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Coming Soon: A Moviegoer’s Guide to March

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Let’s not beat around the bush: the big draw this month is undoubtedly the long-awaited match-up between superhero heavy hitters Batman and Superman. Although it’ll be interesting to see whether Warner Bros. and DC Comics are finally able to jumpstart their own shared cinematic universe à la Marvel with this very expensive Hail Mary, there are far more interesting movies that deserve your attention, including a pair of adult-minded sci-fi flicks from the makers of “Cloverfield” and “Take Shelter.”

“London Has Fallen”

Who: Gerard Butler, Aaron Eckhart, Morgan Freeman and Angela Bassett
What: While in London for the Prime Minister’s funeral, Mike Banning discovers a plot to assassinate all the attending world leaders.
When: March 4th
Why: “Olympus Has Fallen” may have been the better of the dueling “‘Die Hard’ in the White House” movies (though just barely), but the premise behind the sequel is almost as lame as its title, a moronic play on the famous children’s song. Not only does it seem ridiculous that Aaron Eckhart’s president and Gerard Butler’s secret service agent would find themselves in yet another hostage situation, but the very thing that made the first film enjoyable – the close quarters, single-location setting – has been discarded in favor of a more sprawling, city-wide adventure. Granted, it worked for “Die Hard,” but those movies also had John McClane.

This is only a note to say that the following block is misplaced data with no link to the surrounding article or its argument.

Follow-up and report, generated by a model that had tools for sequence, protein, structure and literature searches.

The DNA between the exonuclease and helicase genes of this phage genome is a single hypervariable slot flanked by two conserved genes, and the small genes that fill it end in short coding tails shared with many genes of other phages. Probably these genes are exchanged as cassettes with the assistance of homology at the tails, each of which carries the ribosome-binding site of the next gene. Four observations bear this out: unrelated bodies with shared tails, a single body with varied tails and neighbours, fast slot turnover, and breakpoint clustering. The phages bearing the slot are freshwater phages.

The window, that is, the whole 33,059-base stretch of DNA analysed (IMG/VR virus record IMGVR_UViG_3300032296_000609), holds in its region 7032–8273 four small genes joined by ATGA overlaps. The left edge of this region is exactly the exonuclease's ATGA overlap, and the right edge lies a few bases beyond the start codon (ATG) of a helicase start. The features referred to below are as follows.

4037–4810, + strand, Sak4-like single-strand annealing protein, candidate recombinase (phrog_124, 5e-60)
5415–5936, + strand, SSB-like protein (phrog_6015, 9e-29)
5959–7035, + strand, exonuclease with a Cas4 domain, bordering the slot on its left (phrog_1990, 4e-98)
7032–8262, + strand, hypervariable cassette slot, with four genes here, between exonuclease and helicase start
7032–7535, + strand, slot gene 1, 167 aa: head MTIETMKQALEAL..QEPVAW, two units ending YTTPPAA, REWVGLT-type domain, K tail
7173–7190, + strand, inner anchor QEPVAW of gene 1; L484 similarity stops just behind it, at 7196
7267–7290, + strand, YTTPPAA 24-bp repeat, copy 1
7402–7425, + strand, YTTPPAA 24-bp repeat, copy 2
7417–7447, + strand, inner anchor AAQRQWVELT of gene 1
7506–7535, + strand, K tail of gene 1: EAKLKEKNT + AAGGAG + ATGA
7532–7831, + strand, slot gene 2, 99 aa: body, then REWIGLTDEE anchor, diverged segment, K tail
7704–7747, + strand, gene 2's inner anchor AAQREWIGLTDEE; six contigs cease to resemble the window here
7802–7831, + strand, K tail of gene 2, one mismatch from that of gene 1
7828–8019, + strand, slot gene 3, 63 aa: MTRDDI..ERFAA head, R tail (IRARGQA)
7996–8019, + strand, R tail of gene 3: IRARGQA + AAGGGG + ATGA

“Whiskey Tango Foxtrot”

Who: Tina Fey, Margot Robbie, Martin Freeman and Billy Bob Thornton
What: A journalist recounts her wartime coverage in Afghanistan and Pakistan.
When: March 4th
Why: War comedies are a tough proposition, especially those set in real-life warzones, because it’s a tricky balancing act of trying to earn laughs while still being respectful of the people at the butt of the joke. Though “Whiskey Tango Foxtrot” sounds like a slam dunk on paper – in addition to Tina Fey reteaming with frequent collaborator Robert Carlock, it boasts a talented cast and a pair of directors (Glenn Ficarra and John Requa) with a solid track record – the trailers aren’t very encouraging. Moviegoers could use a good political satire after recent flops like “Our Brand is Crisis” and “Rock the Kasbah,” but sadly, this doesn’t seem to be it.

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Car Review: 2016 Hyundai Veloster Turbo Rally Edition M/T

2016 Hyundai Veloster Rally Edition

I’ve been a fan of the Veloster Turbo from Hyundai since I drove the inaugural version several years ago through the winding canyon roads surrounding San Diego. I recently had the 2016 Rally Edition for a week and got to experience the vehicle again, this time with plenty of routine city and highway drive time along with some more challenging roads. The car is just as fun as I remember, though I do miss those SoCal roads.

Exterior

My Veloster Rally Edition came with Matte Blue exterior paint with black wheel rims that made the car stand out as I drove through town. The Veloster is still in its first generation, so there haven’t been significant design changes to the exterior, which still features the unique third door for easy access to the back seats. The unique look and body shape gives the Veloster more interior room, as the designers weren’t wed to tradition sports car dimensions, while the headlamps and large grille provide a powerful look for the vehicle.